22, A Million

Jago Prates, Staff Writer

Indie folk band Bon Iver released their third studio album 22, A Million in 2016. Created by singer, songwriter, and producer Justin Vernon, known for his predominantly indie/folk aesthetic and his work with artists such as Kanye West and Taylor Swift, 22, A Million was a notable shift in tone for the band. “For this one,” Vernon said at a press conference, “there’s some dark stuff, but I think cracking things, and making things that are bombastic and exciting and also new, and mashing things together and explosiveness, and kind of shouting more – I think that was more of the zone.” Featuring electronic synthesis, experimental ambient moments, and beautiful storytelling, 22, A Million takes the listener on Vernon’s own journey of self discovery.

A reflection of both mortality and liberation, the opening track, “22 (OVER S∞∞N),” starts the album off on a bit of a somber note, an ode to the finitude of the human experience both good and bad. The second track “10 d E A T h b R E a s T ⚄ ⚄” features some massively distorted drums and heavily emotive verses, a direct contradiction to the somber and reflective nature of the previous track. “715 – CRΣΣKS” is an a capella track where Vernon reflects over the nature and grief of interpersonal relationships, and is built around Vernon’s natural voice and accompanied by layers of autotuned and vocoded vocals. The track “33 ‘GOD’” returns a bit to Bon Iver’s acoustic and folk roots with prominent piano, acoustic drums, and guitar, but continues to have a heavy electronic influence with chopped up and repitched vocals and ambient soundscapes. “29 #Strafford APTS” doubles down on the folk and indie aesthetics with milder tones and a beautiful guitar arrangement featured throughout.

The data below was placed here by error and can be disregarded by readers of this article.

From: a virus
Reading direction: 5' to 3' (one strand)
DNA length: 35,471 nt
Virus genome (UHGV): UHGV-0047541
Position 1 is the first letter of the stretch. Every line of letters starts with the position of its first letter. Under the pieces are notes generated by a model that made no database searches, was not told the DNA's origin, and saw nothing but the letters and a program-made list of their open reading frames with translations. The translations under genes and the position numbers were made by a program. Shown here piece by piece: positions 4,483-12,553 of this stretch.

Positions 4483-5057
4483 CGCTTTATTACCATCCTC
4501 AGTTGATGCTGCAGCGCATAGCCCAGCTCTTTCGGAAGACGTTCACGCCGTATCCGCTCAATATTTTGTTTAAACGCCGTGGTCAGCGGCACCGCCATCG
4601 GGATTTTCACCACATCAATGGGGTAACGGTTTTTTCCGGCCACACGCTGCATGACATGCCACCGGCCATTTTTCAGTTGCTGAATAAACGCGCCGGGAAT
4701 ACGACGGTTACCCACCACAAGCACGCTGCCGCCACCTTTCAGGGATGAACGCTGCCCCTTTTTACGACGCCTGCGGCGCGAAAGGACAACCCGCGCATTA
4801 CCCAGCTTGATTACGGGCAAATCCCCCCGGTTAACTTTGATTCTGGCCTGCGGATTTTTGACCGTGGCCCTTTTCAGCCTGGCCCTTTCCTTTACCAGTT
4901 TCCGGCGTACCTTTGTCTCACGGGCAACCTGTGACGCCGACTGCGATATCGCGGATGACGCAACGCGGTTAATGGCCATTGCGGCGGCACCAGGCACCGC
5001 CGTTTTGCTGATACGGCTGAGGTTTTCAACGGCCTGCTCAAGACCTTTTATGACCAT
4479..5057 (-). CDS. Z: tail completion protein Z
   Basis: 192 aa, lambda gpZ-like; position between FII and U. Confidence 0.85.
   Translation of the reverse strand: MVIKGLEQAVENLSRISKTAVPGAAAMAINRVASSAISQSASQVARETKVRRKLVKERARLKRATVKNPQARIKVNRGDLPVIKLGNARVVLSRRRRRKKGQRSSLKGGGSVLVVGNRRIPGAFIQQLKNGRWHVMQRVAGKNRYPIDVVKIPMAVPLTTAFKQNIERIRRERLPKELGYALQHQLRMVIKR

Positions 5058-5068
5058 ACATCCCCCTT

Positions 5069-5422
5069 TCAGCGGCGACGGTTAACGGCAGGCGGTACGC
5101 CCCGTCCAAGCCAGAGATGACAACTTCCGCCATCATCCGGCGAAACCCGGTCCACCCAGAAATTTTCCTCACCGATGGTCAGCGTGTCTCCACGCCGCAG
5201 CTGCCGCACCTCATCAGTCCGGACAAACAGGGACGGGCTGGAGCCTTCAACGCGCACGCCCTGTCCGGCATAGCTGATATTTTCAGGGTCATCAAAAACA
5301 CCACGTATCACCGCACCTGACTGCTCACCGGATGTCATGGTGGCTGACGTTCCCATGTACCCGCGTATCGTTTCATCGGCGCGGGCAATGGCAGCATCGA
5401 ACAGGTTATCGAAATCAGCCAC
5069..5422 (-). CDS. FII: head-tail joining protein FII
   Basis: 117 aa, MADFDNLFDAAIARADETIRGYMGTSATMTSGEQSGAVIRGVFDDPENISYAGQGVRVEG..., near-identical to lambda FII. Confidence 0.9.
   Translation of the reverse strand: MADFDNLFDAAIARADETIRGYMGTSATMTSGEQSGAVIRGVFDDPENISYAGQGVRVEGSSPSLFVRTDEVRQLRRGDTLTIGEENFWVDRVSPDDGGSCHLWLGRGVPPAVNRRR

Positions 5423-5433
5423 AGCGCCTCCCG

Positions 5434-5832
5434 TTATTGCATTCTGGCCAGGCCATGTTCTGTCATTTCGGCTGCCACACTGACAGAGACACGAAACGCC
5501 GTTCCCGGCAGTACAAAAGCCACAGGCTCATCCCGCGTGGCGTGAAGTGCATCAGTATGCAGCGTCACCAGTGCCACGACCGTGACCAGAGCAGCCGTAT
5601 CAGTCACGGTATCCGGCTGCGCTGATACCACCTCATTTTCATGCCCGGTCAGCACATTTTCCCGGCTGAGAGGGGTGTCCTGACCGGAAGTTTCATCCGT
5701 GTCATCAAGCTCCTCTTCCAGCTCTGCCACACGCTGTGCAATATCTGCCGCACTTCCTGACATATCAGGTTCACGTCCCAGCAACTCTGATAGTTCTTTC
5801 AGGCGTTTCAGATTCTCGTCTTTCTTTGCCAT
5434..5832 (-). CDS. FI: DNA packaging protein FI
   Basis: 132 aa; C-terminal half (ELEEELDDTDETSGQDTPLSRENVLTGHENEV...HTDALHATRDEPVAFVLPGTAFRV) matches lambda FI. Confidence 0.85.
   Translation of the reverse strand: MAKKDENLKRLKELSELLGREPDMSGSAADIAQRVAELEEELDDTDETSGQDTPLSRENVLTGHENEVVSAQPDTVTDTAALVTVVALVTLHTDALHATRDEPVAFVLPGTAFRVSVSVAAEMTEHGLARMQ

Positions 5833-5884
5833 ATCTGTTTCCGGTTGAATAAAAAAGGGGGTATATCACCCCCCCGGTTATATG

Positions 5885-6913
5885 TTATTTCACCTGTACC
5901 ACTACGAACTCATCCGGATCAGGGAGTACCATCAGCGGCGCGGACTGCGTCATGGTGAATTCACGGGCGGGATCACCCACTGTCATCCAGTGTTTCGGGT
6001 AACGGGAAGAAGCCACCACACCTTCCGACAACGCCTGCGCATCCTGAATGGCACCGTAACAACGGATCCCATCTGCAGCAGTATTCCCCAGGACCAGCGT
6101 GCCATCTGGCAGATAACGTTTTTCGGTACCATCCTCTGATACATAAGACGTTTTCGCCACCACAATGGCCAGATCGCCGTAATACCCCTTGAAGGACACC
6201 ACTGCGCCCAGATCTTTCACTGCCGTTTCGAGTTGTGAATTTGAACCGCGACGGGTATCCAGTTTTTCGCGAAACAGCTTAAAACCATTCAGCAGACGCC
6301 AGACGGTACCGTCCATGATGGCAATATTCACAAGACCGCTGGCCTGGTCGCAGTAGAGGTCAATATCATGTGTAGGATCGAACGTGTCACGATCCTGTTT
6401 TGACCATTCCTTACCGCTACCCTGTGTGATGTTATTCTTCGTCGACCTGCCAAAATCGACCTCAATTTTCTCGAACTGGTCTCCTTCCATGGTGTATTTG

“666 ʇ” explores Vernon’s relationship with meaning in religion and brings more energy with it than the previous tracks. It also contains similar repitched vocals, but introduces more synthesizers and distorted sound design. An ambient track that slowly dissolves into a cacophony of glitchy saxophones and vocals, “21 M◊◊N WATER” stands out as one of the most beautifully experimental tracks on the album and transitions directly into the following track, “8 (circle),” which starts off quietly and focuses primarily on Vernon’s folk-like vocal performance. It soon reaches a quiet, beautiful harmonious bridge section before introducing a saxophone ensemble, and ends with a climatic restatement of the bridge. The penultimate track “____45_____” is a shorter and more minimal track built around soulful, chopped up, and distorted saxophone phrases, leading into the closing track. “1000000 Million” closes the album off by returning to a more acoustic and folk-driven aesthetic. It features a traditional piano and guitar chord progression and a somber vocal performance, a fitting goodbye to the story the listener’s just experienced.

22, A Million has gone down as one of Bon Iver’s boldest and most experimental works yet, exploring realms of sound not often touched on by musicians today. Its blend of folk, electronic, and experimental tones makes it clear that Bon Iver isn’t interested in staying safe and familiar, instead taking listeners on a journey of self discovery and deep introspection.